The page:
Next to the pro-Trump stickers plastered all over the white van that authorities believe belongs to Cesar Sayoc are the names and photos of dozens of prominent Democrats and media figures – former secretary of state Hillary Clinton, former first lady Michelle Obama, former attorneys general Eric Holder and Loretta Lynch, Sen. Elizabeth Warren, filmmaker Michael Moore, “Meet the Press” host Chuck Todd.
Several of them are framed by gunsights.
Authorities on Friday arrested Sayoc and identified him as a suspect in the sprawling mail-bomb scare that included at least a dozen suspicious packages sent to political and media figures, including many pictured on the van.
[Everything we know about Cesar Sayoc so far]
Sayoc, a 56-year-old registered Republican, lives in Aventura, Florida, near the facility from where many of the packages were mailed, authorities said.
Sayoc, who was previously known to law enforcement officials, has been arrested nearly a dozen times in Florida, including a 2002 arrest for making a bomb threat. His criminal record in the state extends to the early 1990s, starting with his arrest for larceny at the age of 29, according to state records. Other charges of larceny, grand theft and fraud would soon follow across the southern part of the state.
In the 2002 bomb threat case, Sayoc pleaded guilty to the felony without a trial and was sentenced to probation, the records show.
He declared bankruptcy in 2012, according to a court filing that said he lived with his mother at that time.
[Florida man charged after weeklong bomb-package scare]
A lawsuit in which Sayoc was deposed said he had been a manager at a strip club called Stir Crazy for 35 years. In that same deposition, Sayoc claimed that he was also a pro wrestler, a Chippendales dancer, a professional soccer player in Milan, and an arena football player in Arizona
Relatives of Sayoc could not be immediately reached for comment Friday. An attorney who had previously represented Sayoc declined through his law office to speak Friday, saying: “We know why you’re calling, and we have no comment.”
Social media profiles that apparently belonged to Sayoc were filled with conspiracy theories and antipathy toward liberals.
One tweet features a picture of Holder, one of the people a pipe bomb was addressed to. “This man murdered for political reasons and got away with it,” the tweet says.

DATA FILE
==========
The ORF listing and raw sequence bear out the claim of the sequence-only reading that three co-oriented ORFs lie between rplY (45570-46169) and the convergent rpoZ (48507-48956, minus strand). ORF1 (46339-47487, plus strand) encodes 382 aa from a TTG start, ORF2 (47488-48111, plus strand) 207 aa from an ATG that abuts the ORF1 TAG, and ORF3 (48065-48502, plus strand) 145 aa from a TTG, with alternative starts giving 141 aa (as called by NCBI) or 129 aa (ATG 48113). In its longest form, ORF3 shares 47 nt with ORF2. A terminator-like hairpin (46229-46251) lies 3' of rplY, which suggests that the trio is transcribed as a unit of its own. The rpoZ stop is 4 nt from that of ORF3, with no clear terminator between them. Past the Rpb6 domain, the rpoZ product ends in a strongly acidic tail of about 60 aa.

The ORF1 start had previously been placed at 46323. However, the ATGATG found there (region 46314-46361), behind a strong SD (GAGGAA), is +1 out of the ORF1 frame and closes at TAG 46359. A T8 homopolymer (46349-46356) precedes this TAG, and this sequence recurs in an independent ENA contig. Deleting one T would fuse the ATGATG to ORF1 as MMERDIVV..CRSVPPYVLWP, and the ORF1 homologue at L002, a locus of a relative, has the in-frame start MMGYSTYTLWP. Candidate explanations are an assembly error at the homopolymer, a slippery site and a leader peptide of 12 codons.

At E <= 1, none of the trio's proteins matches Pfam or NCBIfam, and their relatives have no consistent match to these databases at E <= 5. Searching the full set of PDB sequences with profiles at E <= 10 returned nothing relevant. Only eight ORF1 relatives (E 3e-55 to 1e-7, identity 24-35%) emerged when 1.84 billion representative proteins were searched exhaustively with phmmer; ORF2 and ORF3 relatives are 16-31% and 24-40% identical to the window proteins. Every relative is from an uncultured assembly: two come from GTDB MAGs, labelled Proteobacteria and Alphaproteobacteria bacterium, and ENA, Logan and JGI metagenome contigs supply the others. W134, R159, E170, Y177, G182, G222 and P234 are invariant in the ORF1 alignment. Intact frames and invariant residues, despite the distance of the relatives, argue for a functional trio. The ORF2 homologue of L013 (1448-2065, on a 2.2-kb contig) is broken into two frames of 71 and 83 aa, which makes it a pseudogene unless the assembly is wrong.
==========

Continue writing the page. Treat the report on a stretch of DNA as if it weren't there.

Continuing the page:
A Facebook page that is believed to have been Sayoc’s and was disabled shortly after his arrest was filled with pro-Trump, anti-liberal memes.
[Trump says media coverage of explosive devices slowing GOP momentum ahead of elections]
Law enforcement officials have not publicly verified that the accounts were Sayoc’s.
Sayoc attended Brevard College where he was listed as a member of the soccer team, according to a yearbook from the North Carolina school. He also was listed as a member of the Canterbury Club, a religious organization. A yearbook photo showed him posing behind someone in a bishop’s robe.
His arrest Friday came after authorities found a dozen packages across multiple states, all of them addressed to prominent Democrats, Trump critics and the news network CNN.
None of the devices have detonated, and no one has been injured, but the incidents put officials on high alert as they worried how many additional devices may be out there.
After news of Sayoc’s arrest broke, FBI agents and other law enforcement personnel could be seen draping a blue tarp over a van in a South Florida parking lot before loading it onto a truck and driving it away.
[Bomb threats highlight risk of violent political rhetoric]
President Donald Trump, who is featured on many of the photos on Sayoc’s van, praised the law enforcement officers who made the arrest.
“We will prosecute them, him, her, whoever it may be, to the fullest extent of the law,” the president said at the White House. “We must never allow political violence to take root in America, and I’m committed to doing everything in my power as president to stop it and stop it now.”
The Washington Post’s Shawn Boburg, Andrew Ba Tran, Julie Tate, Alex Horton, Abby Ohlheiser and Alex Crites contributed to this report.